Tuesday, August 20, 2013

Summer Holly

Summer holly (Comarostaphylis diversifolia) is found in coastal chaparral from Santa Barbara County southerly into Baja California. There may be populations on the Channel Islands as well. Some sources cite that the geography makes for two subspecies: Comarostaphylis diversifolia ssp. diversifolia in coastal Southern California and Baja; and Comarostaphylis diversifolia ssp. planifolia on the Channel Islands and the Transverse Ranges north of Los Angeles. It is not very common, but not yet listed as rare.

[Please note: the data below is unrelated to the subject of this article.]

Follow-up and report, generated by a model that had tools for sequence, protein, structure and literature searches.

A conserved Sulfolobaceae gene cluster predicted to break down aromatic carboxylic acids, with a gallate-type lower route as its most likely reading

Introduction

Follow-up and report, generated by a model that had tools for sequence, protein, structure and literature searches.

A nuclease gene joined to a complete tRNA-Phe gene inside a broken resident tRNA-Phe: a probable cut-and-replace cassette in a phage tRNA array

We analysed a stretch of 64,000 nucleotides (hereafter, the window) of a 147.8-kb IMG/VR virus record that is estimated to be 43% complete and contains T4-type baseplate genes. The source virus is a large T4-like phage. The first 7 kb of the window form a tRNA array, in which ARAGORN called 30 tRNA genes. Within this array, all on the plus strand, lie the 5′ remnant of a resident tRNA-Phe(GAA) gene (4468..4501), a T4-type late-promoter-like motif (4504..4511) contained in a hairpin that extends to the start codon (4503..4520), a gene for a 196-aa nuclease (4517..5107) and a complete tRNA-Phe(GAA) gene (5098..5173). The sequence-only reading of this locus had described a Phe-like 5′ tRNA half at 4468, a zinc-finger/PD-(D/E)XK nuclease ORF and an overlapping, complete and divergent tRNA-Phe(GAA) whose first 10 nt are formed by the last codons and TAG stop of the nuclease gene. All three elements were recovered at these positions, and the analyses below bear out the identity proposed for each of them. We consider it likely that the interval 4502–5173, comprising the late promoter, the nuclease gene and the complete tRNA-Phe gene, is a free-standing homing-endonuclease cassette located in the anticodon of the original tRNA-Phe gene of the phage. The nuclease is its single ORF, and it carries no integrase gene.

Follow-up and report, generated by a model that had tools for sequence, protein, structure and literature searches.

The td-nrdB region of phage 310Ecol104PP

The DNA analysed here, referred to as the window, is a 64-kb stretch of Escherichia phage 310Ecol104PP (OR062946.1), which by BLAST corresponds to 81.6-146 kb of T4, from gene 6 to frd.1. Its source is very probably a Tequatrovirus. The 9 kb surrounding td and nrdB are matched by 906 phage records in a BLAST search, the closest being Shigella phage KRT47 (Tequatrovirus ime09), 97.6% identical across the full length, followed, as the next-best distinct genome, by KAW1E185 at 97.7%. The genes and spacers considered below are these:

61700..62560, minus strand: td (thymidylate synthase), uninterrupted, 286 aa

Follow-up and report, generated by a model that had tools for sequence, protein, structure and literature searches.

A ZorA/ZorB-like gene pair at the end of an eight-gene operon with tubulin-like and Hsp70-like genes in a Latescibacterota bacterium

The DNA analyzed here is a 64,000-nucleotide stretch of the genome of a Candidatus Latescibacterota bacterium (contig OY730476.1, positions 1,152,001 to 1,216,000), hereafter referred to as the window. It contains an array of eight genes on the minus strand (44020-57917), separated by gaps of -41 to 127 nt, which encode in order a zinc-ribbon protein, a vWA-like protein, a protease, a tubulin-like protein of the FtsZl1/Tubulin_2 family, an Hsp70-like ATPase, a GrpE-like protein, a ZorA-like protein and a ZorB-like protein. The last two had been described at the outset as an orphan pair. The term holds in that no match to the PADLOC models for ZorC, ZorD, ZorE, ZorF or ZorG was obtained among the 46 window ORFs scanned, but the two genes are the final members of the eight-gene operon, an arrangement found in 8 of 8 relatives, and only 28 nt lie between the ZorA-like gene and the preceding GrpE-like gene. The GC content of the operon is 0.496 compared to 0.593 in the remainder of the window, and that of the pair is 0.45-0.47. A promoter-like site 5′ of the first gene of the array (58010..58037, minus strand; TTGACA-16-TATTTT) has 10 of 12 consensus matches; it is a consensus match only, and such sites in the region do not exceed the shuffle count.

Comarostaphylis diversifolia

A slow‐growing, evergreen shrub or tree to 20 ft. tall. Attractive features include shiny leaves, white flowers, red berries and shredded bark. While the flowers are urn-shaped similar to the more familiar manzanita, the red berries are warty or wrinkly rather than smooth. That feature also distinguishes it from toyon. Summer holly is a member of Ericaceae, commonly known as the heath or heather family, a family of flowering plants found most commonly in acid and infertile growing conditions.